And another thing.  I usually tend to be rather controlled and am seldom clumsy, unlike Gretchen, who often drops or breaks things.  Until recently, that is.  A few days ago, I knocked an empty glass off our counter and it smashed on the floor.  OK, that's one.  The next day at a restaurant in Newburyport, I knocked over my wine glass, spilling it spectacularly all over myself, the floor, and diners at the next table.  Really cool.  That's two.  Then today, I kicked over another glass and broke it.  That's three.  WTF?  I now consider myself a spastic.  Oh yes, and tonight while weeding in the yard, I lost my balance and fell into a rose bush.  (The scratches are healing just fine, thank you.)  I don't know if that couples in with the Chemo Brain, but those are just more disturbing recent symptoms that don't make me too happy.

As you know from my last post, my medical condition continues to be excellent.  All my test results (except anemia) are great.  However, there appear to be some mental (and perhaps physical) deficiencies that I have to deal with.  With Gretchen's brain damage from her accident, she also has lingering deficiencies to deal with.  Hopefully, we can help each other through these times, and it will all work out for the best for both of us.  Let's hope.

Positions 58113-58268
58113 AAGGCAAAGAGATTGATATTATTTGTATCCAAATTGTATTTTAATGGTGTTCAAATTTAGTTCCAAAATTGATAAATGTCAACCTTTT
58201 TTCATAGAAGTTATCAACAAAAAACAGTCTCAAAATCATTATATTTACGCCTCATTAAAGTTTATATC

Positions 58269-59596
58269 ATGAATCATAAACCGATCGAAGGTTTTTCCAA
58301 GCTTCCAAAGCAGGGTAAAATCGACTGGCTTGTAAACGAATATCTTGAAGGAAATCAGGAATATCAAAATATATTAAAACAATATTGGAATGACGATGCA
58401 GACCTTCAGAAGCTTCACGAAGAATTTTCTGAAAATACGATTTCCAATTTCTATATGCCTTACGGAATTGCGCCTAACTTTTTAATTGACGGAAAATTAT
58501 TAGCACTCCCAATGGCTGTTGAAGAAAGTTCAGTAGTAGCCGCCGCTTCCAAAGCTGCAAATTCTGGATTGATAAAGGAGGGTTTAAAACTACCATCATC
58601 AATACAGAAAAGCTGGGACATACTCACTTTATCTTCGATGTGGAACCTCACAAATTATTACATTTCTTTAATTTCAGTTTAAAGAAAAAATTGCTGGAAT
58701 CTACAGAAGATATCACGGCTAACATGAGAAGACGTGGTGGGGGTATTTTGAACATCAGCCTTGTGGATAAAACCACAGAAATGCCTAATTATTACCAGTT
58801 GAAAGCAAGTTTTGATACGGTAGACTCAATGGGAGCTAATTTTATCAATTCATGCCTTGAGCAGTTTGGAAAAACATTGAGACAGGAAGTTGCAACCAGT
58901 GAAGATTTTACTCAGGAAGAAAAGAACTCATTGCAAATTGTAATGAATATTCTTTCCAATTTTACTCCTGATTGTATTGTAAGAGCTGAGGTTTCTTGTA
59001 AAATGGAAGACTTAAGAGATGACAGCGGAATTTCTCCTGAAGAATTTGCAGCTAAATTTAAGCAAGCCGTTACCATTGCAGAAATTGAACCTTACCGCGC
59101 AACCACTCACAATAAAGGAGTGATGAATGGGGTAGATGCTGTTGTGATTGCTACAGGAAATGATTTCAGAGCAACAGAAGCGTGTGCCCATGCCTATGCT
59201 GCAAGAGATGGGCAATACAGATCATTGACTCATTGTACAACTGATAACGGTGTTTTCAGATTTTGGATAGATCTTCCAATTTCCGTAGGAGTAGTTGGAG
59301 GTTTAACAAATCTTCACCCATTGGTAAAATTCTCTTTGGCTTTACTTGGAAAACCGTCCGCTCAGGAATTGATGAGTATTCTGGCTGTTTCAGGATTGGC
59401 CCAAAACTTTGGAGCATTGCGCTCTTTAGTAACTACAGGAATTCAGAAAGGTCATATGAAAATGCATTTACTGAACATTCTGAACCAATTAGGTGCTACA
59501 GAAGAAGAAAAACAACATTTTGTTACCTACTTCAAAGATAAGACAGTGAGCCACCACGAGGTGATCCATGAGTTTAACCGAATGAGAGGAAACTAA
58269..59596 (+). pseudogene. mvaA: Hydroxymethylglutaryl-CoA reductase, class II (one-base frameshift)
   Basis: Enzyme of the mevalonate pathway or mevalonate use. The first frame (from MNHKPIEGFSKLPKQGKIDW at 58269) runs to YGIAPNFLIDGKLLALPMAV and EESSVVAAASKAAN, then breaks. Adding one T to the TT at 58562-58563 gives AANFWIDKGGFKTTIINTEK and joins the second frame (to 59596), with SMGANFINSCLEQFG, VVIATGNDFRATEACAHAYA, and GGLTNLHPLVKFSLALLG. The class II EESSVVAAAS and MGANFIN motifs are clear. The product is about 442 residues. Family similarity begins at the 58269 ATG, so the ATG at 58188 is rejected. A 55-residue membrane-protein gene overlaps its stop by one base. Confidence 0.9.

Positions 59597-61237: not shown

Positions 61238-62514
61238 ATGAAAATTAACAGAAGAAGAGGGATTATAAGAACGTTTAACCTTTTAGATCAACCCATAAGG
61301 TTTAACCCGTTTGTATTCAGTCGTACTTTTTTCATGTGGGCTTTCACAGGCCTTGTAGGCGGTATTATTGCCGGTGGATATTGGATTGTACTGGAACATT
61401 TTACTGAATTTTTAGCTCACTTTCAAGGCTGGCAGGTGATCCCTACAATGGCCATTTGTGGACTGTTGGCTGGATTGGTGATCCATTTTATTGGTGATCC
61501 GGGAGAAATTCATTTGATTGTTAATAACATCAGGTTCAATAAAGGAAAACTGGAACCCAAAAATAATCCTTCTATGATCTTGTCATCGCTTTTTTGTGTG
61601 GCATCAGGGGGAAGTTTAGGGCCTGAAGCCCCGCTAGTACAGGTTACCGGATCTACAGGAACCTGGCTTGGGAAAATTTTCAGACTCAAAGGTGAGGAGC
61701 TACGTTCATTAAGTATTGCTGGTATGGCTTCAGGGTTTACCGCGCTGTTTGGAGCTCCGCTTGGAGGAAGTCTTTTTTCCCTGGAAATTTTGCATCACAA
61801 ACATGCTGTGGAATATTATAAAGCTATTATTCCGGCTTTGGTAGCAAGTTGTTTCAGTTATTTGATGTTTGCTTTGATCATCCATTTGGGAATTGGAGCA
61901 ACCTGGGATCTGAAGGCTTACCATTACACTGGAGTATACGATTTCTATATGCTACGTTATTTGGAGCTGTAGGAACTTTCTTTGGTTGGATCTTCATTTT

1. Your memory problem sounds like old age to me, not brain damage. Your spasticity sounds like the problems that kids have when they are undergoing a growth spurt, and their brains have not adjusted their body image. Maybe you are experiencing a growth spurt or perhaps your second childhood. ;-)

    1. Maybe you're right. I like to think of my body image as like that of Brad Pitt's, but when I look in the mirror, my brain does not adjust well to that.

      My spasticity can't be from a growth spurt, since I have shrunk over 2 inches in the last 10 or 15 years. So maybe it's a second childhood. I think that's what Alzheimer's patients go through, so that could be it.

      Am I to be comforted by any of this?

  2. Perhaps these events will help you to be more tolerant and understanding of those of us who have lived with memory problems (I was called "absent-minded" as a kid) and awkwardness all our lives! This is what most of us have to contend with everyday! We even learn to joke about ourselves and change the subject quickly away from these little aberrances! Welcome to my world!
    Smiley face: ;-)
    Luv, Sue

    1. Hi Sue. Sorry to hear that you are as pathetic a I am. My condolences.